BOEING Co is in talks with four airlines on orders for its redesigned 777X jetliner valued at as much as US$87 billion (RM274.92 billion) ahead of next month's Dubai Airshow, people familiar with the matter said.
The 255 planes under discussion include as many as 100 to 150 for Dubai-based Emirates, about 50 for Qatar Airways Ltd and as many as 30 for Abu Dhabi-based Etihad Airways, said the people.
Cathay Pacific Airways Ltd is weighing as many as 25 of the aircraft in a transaction that probably would come before the Dubai event, one of the people said.
The expo runs from November 17-21 and is often a showcase for long-haul jets like the 777.
An order haul in Dubai for the 777X would be a boost for Boeing years ahead of the jet's commercial debut, now targeted for the decade's end.
Boeing is betting that it can keep Airbus SAS at bay in the market for the biggest twin-engine jets by upgrading the current 777, not by building an all-new plane as its French rival is doing with the A350.
A purchase of 100 or more of the new 777s by Emirates would be Boeing's largest-ever initial tally, surpassing the 50-jet order valued at US$6 billion from Japan's ANA Holdings Inc to introduce the 787 Dreamliner in 2004, when the plane was still known as the 7E7.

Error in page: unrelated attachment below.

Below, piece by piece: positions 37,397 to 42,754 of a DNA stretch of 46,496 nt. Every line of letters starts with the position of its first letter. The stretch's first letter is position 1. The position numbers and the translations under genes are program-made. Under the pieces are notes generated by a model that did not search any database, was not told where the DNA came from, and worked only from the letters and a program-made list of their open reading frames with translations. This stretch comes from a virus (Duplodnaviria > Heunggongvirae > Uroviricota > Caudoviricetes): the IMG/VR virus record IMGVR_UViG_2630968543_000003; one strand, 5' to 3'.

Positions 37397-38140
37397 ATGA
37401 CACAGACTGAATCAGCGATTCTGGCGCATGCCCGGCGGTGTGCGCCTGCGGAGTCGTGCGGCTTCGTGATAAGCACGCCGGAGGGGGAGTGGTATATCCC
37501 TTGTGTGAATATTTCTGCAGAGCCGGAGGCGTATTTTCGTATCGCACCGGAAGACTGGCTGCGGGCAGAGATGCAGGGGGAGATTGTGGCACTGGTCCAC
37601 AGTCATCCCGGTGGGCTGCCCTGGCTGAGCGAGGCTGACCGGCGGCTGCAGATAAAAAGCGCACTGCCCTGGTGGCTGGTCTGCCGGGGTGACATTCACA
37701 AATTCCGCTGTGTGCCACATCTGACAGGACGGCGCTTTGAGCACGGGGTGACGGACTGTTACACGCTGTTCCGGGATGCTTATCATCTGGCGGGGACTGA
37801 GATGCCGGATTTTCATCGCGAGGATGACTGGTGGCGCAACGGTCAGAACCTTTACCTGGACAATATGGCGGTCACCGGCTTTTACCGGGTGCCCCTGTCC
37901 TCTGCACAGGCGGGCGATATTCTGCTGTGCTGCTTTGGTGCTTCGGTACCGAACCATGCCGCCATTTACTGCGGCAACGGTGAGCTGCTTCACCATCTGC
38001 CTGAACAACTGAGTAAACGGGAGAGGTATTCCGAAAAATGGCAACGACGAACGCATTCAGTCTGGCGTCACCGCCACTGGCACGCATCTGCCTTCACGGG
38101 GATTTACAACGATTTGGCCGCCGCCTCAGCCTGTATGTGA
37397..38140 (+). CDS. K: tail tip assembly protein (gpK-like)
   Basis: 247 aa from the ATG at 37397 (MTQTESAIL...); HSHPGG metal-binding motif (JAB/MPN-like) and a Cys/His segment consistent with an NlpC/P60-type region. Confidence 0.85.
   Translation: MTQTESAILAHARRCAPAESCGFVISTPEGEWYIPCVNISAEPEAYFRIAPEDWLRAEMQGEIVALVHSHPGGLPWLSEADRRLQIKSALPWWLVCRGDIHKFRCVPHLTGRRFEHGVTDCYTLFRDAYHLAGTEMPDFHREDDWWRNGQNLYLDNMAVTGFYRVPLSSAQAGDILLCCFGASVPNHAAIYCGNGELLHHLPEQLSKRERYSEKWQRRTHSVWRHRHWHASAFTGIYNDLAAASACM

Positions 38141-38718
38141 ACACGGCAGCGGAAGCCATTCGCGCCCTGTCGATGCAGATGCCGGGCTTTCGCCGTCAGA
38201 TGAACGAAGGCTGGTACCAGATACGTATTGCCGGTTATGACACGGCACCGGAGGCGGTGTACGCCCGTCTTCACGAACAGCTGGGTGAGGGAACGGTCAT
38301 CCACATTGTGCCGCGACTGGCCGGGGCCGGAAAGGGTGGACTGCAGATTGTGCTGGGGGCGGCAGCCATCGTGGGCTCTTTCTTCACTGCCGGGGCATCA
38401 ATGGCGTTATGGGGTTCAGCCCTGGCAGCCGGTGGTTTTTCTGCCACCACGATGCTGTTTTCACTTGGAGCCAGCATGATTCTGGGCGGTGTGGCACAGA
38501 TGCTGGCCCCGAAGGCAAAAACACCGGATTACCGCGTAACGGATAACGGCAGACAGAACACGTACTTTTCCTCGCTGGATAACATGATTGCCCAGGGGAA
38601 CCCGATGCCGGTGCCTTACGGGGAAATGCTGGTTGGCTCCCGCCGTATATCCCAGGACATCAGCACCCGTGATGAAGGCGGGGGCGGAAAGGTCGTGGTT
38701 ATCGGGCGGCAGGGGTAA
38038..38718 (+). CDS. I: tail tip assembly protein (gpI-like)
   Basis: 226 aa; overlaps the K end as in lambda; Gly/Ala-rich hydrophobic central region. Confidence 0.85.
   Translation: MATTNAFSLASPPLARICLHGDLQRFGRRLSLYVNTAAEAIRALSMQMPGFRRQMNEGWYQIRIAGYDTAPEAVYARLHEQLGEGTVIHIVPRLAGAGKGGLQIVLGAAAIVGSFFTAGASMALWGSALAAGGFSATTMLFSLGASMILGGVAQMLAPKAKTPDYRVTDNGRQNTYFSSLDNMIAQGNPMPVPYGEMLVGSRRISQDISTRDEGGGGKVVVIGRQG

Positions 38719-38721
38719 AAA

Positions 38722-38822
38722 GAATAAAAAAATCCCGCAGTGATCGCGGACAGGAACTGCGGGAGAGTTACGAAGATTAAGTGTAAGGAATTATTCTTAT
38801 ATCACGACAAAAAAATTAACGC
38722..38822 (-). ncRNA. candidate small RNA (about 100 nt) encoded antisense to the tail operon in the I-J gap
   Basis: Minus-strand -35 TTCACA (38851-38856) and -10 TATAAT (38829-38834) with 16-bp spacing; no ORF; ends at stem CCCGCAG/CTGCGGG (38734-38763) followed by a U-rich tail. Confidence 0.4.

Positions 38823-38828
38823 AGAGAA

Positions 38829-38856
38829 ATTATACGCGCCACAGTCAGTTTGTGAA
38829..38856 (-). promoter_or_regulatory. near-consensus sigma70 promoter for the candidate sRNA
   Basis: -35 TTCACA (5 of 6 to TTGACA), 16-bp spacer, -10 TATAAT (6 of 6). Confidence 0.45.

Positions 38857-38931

"We will continue to evaluate all available aircraft models for our fleet needs," said Elin Wong, a spokesman for Cathay Pacific.
For the 777X, Boeing is adding 50 more seats to the largest current 777 variant, so it can seat as many as 400 people.
The redesigned plane will feature the biggest engines ever and a wider, fuel-saving wingspan that can be shortened by having the tips fold up after landing.
Fresh 777X sales would build on Boeing's momentum after Deutsche Lufthansa AG agreed last month to buy 34 of the planes.
While the 777X's list price hasn't been made public, the Lufthansa order implied a retail price of about US$340 million, according to Peter Arment, a New York-based analyst with Sterne, Agee & Leach Inc. "Buyers typically get a discount."
Emirates is likely to be the so-called launch customer, Robert Stallard, an RBC Capital Markets analyst, wrote in an October 28 note. The term refers to the first buyer to fly a new plane. Bloomberg